JO: The deep present.
MF: It's always, it's always the deep present. And so, you know, the depositions, you know, had a resonance, I think, you know, back when they were launched and still have a resonance today. Now I've had a quick look at some of the questions and bizarrely, I've a question that's perfect for each of you, really. The first one is: what would you say to the fact that 32% of the Irish population say that they would not consume a proven vaccine, according to a RTÉ One poll in October?
LON: It's not surprising really, Michael. And again, you need to be sympathetic and understanding of this. First of all, because people are frightened, let's start with that. And, and as, as Jane and Richard, both agree, fear is a massive factor for history, on socio, all our things really. So, they're frightened and that means there's going to be a certain amount of cautiousness. Anyway, secondly, it's a brand-new virus, even if you mentioned the word COVID to people that back off anyway, you know, whatever about a vaccine, so that's going to be a natural thing. And then we do have the, we know vaccines can be harmful. You gotta be very truthful about that. It's rare, but it does happen. And again, we have to say it to people: there's a risk here. It's a very low risk, but still, it's there and try and reassure them.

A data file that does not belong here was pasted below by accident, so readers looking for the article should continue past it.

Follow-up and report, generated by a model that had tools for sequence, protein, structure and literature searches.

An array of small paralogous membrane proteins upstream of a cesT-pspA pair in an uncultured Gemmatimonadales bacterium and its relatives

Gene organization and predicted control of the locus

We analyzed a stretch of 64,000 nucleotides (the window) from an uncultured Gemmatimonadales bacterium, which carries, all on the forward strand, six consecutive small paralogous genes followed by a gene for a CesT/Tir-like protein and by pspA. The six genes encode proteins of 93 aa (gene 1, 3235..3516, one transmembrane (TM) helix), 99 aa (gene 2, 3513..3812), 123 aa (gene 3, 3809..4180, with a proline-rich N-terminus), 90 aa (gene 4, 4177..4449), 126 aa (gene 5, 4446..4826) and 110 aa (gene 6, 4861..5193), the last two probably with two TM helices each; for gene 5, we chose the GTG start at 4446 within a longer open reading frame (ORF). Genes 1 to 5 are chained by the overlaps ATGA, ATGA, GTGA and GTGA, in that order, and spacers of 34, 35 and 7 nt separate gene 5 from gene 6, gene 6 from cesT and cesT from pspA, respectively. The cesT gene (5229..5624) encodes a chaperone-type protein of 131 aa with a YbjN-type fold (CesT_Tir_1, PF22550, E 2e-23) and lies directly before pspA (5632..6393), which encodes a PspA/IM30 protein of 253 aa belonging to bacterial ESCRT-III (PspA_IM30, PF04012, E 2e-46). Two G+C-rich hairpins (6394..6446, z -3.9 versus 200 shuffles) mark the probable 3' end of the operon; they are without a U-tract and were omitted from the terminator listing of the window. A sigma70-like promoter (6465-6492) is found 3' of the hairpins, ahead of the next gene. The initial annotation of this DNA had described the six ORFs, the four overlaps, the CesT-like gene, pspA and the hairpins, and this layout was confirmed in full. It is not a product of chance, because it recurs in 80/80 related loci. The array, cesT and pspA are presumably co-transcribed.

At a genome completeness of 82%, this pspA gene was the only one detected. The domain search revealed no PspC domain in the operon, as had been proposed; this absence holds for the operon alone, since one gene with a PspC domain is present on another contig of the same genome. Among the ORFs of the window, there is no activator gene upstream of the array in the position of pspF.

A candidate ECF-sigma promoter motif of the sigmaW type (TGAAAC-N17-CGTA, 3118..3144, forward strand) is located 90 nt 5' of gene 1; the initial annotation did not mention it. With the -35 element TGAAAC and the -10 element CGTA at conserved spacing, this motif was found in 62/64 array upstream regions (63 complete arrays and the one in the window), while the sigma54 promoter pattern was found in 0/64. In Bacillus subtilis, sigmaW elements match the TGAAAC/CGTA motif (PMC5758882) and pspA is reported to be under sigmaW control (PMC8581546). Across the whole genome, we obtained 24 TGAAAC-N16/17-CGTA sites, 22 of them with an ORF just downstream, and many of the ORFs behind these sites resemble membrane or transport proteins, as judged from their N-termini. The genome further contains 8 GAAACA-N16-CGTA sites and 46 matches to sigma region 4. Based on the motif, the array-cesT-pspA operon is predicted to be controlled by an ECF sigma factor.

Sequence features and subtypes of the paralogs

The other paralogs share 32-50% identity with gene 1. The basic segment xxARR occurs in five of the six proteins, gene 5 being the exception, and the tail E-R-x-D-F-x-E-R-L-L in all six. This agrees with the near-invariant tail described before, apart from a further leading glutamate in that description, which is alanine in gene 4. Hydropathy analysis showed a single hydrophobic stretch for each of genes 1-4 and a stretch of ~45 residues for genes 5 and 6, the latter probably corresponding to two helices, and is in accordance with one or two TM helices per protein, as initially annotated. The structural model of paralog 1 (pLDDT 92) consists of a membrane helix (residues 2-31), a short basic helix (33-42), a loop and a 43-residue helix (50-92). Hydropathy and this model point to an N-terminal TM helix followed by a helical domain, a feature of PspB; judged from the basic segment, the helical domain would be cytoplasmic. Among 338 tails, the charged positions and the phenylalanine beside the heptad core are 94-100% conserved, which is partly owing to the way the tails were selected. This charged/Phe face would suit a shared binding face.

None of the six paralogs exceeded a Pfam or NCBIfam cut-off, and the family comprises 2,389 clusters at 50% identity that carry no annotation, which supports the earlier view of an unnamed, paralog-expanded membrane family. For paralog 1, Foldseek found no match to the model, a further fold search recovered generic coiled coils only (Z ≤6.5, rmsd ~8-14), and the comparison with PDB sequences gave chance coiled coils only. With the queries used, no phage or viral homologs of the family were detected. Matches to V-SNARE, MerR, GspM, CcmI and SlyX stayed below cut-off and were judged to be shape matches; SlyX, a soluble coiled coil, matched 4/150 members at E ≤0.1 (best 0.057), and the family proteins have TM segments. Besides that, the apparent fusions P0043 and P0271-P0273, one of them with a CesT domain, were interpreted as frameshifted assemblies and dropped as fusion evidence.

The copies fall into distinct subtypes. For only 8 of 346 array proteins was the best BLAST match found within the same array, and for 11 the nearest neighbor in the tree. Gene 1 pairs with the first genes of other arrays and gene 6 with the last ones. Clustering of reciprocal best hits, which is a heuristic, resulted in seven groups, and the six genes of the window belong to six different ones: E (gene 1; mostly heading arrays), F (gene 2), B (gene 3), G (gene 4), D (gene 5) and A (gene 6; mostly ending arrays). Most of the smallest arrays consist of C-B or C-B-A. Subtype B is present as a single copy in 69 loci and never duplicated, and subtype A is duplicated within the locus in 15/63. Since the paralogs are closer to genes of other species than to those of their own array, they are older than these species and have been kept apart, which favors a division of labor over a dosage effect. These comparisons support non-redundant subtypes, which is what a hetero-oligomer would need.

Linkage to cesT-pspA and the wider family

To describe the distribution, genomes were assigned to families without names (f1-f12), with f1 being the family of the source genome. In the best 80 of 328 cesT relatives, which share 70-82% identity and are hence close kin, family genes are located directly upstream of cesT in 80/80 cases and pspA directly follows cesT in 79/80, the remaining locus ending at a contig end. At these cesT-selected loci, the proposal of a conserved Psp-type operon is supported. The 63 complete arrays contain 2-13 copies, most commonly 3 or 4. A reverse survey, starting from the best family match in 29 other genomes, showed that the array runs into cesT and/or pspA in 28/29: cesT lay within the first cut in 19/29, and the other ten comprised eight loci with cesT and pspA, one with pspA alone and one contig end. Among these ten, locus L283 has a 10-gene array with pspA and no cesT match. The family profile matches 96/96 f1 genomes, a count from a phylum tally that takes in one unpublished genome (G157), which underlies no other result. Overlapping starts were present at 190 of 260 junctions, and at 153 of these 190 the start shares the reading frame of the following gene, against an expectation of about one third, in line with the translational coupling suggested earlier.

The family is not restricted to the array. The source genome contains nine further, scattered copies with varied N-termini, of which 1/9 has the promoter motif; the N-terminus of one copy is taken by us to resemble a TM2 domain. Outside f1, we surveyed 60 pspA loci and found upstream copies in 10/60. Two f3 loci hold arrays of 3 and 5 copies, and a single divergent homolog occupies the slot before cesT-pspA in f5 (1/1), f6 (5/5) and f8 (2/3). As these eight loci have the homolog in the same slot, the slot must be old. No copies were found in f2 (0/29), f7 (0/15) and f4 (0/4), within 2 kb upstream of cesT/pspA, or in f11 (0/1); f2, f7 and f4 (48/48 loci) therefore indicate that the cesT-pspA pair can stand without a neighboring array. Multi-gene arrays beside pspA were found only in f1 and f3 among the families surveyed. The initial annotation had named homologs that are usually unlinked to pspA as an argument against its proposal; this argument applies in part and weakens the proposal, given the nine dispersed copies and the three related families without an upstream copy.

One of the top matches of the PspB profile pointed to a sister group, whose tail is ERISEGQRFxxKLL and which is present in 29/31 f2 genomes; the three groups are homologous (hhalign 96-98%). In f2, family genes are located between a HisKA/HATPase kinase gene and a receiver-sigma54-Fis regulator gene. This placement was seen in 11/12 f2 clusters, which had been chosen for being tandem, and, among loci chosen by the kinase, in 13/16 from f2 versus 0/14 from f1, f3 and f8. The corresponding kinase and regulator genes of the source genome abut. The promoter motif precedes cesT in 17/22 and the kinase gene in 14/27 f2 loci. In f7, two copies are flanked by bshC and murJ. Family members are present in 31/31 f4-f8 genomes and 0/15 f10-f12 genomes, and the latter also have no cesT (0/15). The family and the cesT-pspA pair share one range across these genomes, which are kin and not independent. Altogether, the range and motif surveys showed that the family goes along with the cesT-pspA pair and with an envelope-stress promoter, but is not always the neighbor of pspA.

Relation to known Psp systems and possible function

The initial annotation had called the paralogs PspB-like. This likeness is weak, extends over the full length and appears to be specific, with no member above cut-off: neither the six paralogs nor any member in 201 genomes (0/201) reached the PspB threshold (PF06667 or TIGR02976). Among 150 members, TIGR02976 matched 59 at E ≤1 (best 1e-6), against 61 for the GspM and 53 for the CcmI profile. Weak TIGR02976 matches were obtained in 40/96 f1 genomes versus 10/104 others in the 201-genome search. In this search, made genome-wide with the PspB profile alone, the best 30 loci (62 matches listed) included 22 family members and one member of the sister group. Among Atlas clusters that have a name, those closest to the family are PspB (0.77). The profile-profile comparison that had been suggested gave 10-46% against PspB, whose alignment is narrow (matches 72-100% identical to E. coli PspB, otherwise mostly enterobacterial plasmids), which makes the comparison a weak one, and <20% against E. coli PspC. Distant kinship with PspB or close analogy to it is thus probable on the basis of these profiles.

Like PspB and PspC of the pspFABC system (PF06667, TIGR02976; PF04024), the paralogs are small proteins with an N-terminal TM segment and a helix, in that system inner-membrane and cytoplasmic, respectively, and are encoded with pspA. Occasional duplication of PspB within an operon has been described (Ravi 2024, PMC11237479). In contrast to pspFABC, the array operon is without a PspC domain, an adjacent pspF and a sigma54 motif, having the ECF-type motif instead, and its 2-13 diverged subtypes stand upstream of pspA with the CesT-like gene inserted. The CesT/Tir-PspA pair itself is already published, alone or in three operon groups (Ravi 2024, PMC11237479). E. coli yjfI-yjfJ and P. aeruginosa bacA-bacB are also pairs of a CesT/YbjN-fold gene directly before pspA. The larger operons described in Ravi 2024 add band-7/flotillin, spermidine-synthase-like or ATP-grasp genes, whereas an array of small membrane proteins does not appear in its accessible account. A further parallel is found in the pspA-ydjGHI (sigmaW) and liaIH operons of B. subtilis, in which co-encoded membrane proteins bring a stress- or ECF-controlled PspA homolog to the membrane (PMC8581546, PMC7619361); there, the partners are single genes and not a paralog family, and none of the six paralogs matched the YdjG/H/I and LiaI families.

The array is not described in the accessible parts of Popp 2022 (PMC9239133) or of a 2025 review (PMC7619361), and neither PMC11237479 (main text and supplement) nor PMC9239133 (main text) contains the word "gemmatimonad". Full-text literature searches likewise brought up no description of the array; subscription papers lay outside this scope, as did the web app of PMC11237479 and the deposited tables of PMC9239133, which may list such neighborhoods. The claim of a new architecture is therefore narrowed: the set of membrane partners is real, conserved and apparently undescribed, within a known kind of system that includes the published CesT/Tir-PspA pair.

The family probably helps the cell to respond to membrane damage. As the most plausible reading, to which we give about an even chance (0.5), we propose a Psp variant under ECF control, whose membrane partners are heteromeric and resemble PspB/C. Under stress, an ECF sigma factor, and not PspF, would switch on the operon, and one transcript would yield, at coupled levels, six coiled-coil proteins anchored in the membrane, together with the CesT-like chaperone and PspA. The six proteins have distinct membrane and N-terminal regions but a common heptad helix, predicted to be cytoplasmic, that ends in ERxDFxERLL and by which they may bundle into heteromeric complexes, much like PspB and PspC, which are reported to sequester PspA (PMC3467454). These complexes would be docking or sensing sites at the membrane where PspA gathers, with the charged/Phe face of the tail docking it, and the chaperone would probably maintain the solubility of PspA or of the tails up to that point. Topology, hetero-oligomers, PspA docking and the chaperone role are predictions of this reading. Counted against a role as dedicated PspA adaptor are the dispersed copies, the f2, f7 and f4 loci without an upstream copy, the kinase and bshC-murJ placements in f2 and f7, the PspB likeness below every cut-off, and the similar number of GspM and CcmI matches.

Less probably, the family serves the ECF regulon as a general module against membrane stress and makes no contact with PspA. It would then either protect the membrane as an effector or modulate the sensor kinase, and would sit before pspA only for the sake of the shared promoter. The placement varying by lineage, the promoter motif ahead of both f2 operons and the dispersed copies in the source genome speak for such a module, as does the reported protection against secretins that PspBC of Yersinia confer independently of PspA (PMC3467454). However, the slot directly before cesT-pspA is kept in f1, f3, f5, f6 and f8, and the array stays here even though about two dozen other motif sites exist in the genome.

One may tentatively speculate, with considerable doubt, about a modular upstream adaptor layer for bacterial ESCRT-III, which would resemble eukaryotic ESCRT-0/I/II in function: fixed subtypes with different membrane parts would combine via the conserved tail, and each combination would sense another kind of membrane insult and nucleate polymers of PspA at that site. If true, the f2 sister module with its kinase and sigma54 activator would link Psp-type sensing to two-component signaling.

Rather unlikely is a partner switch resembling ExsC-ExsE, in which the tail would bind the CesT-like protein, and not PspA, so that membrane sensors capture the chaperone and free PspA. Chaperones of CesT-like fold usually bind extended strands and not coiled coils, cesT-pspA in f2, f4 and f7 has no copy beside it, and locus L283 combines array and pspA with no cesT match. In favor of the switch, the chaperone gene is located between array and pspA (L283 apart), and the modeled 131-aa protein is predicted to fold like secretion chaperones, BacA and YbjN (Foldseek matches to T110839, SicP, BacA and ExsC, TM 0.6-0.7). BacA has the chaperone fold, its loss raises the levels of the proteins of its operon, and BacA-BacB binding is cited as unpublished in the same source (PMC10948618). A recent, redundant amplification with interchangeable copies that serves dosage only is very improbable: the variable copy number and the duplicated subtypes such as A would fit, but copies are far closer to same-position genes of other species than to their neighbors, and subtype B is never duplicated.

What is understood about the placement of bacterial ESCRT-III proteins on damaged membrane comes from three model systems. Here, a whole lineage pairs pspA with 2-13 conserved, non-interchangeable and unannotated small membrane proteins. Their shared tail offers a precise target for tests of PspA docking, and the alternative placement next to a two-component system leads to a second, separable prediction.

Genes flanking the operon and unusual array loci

And then, but, but really what what's been happening now is we're, no more than we've just been saying: this is history repeating itself over and over again. When smallpox came out, the very first vaccine, there was a massive anti-vaccination campaign against that. Even people like George Bernard Shaw, horrendously, was against the smallpox vaccine, and yet the evidence was so compelling, that it was saving millions of lives and stopping disfigurement and all kinds of things. So it's always been there. I mean, there was even a campaign in the 19th century saying that the smallpox vaccine turns your child into a cow because it was coming off cowpox! This is truthful - there’re drawings of this, you know, so it's always been there. And, and again, it's, again, it goes back to the fundamental thing, we’re talking about the thing about – the dreaded thing called human nature in a way. I mean, people are going to be frightened, they're going to be cautious. And then it's a question of convincing them, really. Now again, how do you convince them? There’s two ways to do it: you, you show the science up to some extent and show, look, here's the safety data. And today Pfizer announced that it's a safe vaccine. (We haven't seen the data yet, but, but the data will come, and it will be shown to be safe. I predict. Right?) And then you hope that would resonate with them. More importantly, you prove it's saving people's lives and stopping harm and that the beneficial effect of this vaccine far outweighs the risk of it. And again, you're using data there. Previous studies on trying to deal with this issue have shown that doesn't really work because people stop listening, or I think as Richard said, there’s a level of, you do need some scientific know-how, and that mightn't be there.